UQ Business School PhD Course
The Research Process in Business

PhD course presented by Professor Robert Faff at The University of Queensland Business School.

Robert Faff is Professor of Finance and Director of Research at the UQ Business School. He has an international reputation in empirical finance research: securing 13 ARC grants (funding exceeding $4 million); more than 290 refereed journal publications; career citations exceeding 7,900; and a h-index of 47 (Google Scholar). His particular passion is nurturing and developing the career trajectories of early career researchers. Robert has supervised more than 30 PhD students to successful completion and examined 50 PhD dissertations.


This course is not currently offered

Knowledge Level and Prior Course Requirements

There is no presumed knowledge level beyond having had a prior serious exposure to academic research in a given filed of expertise (e.g. having written an 4th-year Honours thesis or other research dissertation). This course is open to students studying in any discipline.


Traditionally, the “process of research” is a “life skill” that academics assimilate somewhat haphazardly and imperfectly, in a piecemeal fashion over many years during their academic career. Even in more recent times, while particular key elements of the process are covered formally or informally in PhD coursework, doctoral students have a highly varied experience in this regard. In this course, I outline the full spectrum of the research process with a mindset of quantitative empirical work. My core focus is developing an understanding of the many dimensions of the process of research and how to translate this into long-term strategies for a successful academic career. Key elements of the research process include:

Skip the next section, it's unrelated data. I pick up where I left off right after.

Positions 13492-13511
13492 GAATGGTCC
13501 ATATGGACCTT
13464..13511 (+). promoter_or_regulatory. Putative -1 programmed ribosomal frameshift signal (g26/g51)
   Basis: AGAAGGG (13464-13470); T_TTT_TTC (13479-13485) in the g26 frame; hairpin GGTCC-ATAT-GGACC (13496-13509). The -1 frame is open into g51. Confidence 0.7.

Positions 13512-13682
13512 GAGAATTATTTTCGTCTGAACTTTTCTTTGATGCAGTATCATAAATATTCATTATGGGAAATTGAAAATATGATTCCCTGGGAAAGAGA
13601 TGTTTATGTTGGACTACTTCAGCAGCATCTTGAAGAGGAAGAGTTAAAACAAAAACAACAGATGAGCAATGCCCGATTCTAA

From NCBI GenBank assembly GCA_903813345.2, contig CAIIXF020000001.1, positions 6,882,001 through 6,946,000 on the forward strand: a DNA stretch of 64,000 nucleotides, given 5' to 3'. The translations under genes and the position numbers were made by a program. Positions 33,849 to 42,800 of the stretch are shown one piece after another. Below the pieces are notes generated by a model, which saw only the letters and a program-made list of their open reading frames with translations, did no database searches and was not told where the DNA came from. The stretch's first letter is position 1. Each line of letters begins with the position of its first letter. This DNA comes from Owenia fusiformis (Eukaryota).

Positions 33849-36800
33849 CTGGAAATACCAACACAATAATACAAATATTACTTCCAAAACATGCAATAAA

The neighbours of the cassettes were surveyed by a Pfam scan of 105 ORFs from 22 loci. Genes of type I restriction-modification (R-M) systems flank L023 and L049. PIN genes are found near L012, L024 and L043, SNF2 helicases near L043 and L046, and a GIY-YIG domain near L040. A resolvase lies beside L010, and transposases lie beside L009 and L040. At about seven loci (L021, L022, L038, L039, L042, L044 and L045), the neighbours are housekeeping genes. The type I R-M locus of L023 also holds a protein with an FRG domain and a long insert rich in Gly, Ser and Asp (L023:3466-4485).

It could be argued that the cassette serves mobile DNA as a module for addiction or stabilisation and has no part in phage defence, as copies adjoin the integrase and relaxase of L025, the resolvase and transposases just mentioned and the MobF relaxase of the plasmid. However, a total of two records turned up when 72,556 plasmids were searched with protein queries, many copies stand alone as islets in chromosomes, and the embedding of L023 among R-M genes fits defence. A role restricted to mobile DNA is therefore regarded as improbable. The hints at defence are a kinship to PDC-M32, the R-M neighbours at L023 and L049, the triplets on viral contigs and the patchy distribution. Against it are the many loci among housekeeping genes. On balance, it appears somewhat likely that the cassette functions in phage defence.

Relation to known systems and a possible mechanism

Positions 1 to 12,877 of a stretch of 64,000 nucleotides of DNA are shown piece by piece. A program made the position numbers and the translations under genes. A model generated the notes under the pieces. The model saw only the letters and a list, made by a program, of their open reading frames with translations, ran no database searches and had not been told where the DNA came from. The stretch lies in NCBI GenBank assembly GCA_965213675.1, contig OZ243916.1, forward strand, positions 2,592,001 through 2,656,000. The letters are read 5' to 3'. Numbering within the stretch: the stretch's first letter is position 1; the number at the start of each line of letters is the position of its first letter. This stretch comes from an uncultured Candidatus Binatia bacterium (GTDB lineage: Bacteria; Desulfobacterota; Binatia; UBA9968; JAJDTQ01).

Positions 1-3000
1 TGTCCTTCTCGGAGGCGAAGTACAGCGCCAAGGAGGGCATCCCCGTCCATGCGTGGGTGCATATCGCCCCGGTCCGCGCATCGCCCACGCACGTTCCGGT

Statement On Plagiarism

Plagiarism is a broad term referring to the practice of appropriating someone else's ideas or work and presenting them as your own without acknowledgment. Plagiarism is literary or intellectual theft. It can take a number of forms, including:

Whatever the form, plagiarism is unacceptable both academically and professionally. By plagiarising you are both stealing the work of another person and cheating by representing it as your own. Any instances of plagiarism can therefore be expected to draw severe penalties.

Cheating means to defraud or swindle. Students who seek to gain an advantage by unfair means such as copying another student's work, or in any other way misleading a lecturer about their knowledge or ability or the amount of work they have done, are guilty of cheating. Students who condone plagiarism by allowing their work to be copied will also be subject to severe disciplinary action.

For more information please email Professor Robert Faff: r.faff@business.uq.edu.au